3. The differences in the financial transactions of both systems, which leads to differences in their financial policies.

4. There are huge differences in the total assets, liabilities and equity for both systems, which has an impact on the comparative analysis of both systems.
Chapter Four

The Analysis

4.1 The Introduction

In this chapter, the researcher is going to introduce the results of the determinants of the financial performance, financial stability and the effect of financial crisis on the top ten Islamic and the top ten commercial banks over the period 2005–2009.

This part of the dissertation will present a detailed analysis of the financial performance, financial stability and the effect of the financial crisis on the top ten commercial banks by using different types of the financial ratios, such as net profit margin, return on equity, return on assets, assets turnover, earning per share and gearing, and it will also introduce a detailed analysis about the financial performance and stability of the top ten Islamic banks using the same financial ratios used to examine the commercial banks. Next, there will be a ratio comparison between the top ten Islamic and the top ten commercial banks in order to compare their financial position with each other.

The researcher relies in this analysis on the main items of the Income statement and the balance sheet, whereby the changes in these items during the period of the study led to differentiation in determining the analysis period. Moreover, after the comparison the chapter will present an SPSS analysis on the financial ratios of both types of banks, in order to summarize the financial position in each year for both systems and the entire period of the study.




4.2 Financial Ratios Analysis

4.2.1 Commercial Banks
During the Period 2005–2006:

The relative growth in the net profit and revenue led to stability in the NPM of commercial banks, where it was around 21.5% during this period.

The revenue increased from $458 billion to $611 billion and the net profit increased by $29 billion, which is equivalent to 29% growth. Consequently, according to the difference in the growth, there was slightly decrease in the NPM from 21.75% to 21.7%.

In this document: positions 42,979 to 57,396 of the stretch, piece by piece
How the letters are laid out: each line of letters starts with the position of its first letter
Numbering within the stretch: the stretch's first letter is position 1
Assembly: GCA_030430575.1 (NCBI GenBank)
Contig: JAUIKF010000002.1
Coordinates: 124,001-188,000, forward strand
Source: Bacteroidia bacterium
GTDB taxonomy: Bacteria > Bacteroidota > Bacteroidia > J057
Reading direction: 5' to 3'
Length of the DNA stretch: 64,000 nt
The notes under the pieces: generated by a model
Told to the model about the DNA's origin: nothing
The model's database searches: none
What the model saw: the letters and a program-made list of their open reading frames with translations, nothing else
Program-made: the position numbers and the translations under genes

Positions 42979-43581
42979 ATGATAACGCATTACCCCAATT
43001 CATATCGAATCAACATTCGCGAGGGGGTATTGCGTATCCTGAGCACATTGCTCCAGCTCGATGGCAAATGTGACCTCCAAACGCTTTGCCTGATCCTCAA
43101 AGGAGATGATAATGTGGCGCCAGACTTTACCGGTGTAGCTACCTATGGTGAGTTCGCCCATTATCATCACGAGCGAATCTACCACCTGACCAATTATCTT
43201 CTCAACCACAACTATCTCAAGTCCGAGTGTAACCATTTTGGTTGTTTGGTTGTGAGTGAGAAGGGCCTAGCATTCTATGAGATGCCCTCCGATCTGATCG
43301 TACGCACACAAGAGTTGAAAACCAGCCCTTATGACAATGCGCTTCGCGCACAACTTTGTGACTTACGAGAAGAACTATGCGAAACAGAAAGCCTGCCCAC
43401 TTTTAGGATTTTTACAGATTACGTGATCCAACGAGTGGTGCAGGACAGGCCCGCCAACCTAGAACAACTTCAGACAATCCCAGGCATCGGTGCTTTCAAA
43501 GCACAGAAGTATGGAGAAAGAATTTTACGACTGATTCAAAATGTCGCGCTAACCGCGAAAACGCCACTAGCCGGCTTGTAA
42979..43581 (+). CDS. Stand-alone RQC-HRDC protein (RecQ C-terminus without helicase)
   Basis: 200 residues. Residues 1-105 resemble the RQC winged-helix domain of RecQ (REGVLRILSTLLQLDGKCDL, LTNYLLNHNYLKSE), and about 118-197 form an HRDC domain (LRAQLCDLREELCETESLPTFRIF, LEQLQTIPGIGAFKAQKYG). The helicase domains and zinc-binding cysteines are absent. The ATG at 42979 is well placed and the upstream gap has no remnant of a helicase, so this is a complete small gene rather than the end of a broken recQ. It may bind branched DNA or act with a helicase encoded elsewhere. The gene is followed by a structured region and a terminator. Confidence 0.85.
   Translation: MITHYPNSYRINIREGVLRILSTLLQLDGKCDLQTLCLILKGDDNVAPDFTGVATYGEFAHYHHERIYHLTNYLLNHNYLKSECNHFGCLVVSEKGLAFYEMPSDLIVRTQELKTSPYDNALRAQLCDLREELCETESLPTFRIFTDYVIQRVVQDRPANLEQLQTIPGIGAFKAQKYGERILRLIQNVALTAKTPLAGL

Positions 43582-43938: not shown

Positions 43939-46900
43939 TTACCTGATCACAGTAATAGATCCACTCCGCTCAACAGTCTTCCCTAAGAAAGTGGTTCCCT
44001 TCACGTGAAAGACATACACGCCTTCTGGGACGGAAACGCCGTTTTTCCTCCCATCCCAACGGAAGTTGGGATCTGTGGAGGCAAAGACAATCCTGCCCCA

During the period 2006–2007:

During this period, there was a decline in the NPM by 4.15% due to the instability in the growth between the revenue and the net profit. The revenue increased from $611 billion to $740 billion, and the net profit decreased from $129 billion to $117 billion; this fluctuation in the NPM can be seen as a result of inefficiency in controlling the financial and operating costs. Furthermore, the financial crisis strongly affected the market value of the financial assets and led to a reduction in the book value of the assets as well.


During the Period 2007–2008:

During this period, the NPM decreased dramatically from 17.4% to -5% because of the decline in the total revenue of the commercial banks from $740 billion to $687 billion, which is equivalent to 7%, and the net profit decreased sharply from $117 billion profit to $56 billion net loss, which is equivalent to 148%. As a result, the NPM decreased sharply due to the effect of the financial crisis on the banks. For example, Citigroup Bank suffered a loss of $32 billion in 2008 and the Royal Bank of Scotland faced $50 billion losses during the same period.



During the Period 2008–2009:

After the impact of the financial crisis on the commercial banks during the period 2007–2008, these banks attempted to counter the financial crisis more effectively than the previous year; this shows in the ability of the commercial banks to increase NPM from -5% to 12.5%. Although the revenue decreased during this period from $687 billion to $564 billion, with a decrease ratio equal to 18%, the main reason for this increase in the NPM was the great growth in net profits during the same period, where the net profits increased from $-56 billion to $61 billion with a growth ratio of 208%.

For instance, Citigroup Bank reduced its losses from $32 billion to $1 billion, while the Royal Bank of Scotland reduced its losses from $50 billion to $3.7 billion; this indicates the high ability of the commercial banks to reduce their operational expenditures that resulted in an increase in the net profits even as the revenues decreased. Moreover, the governments’ assistance introduced a big opportunity for the banks to improve their financial situation; for instance: “Citigroup received $45 billion in Troubled Asset Relief Program (TARP) funding, including $20 billion through the Targeted Investment Program (TIP) and $25 billion through the Capital Purchase Program (CPP) (Congressional, January 2009). Furthermore, “Royal Bank of Scotland (RBS), Lloyds TSB and HBOS will have a total of £37bn injected into them” (BBC, October 2008).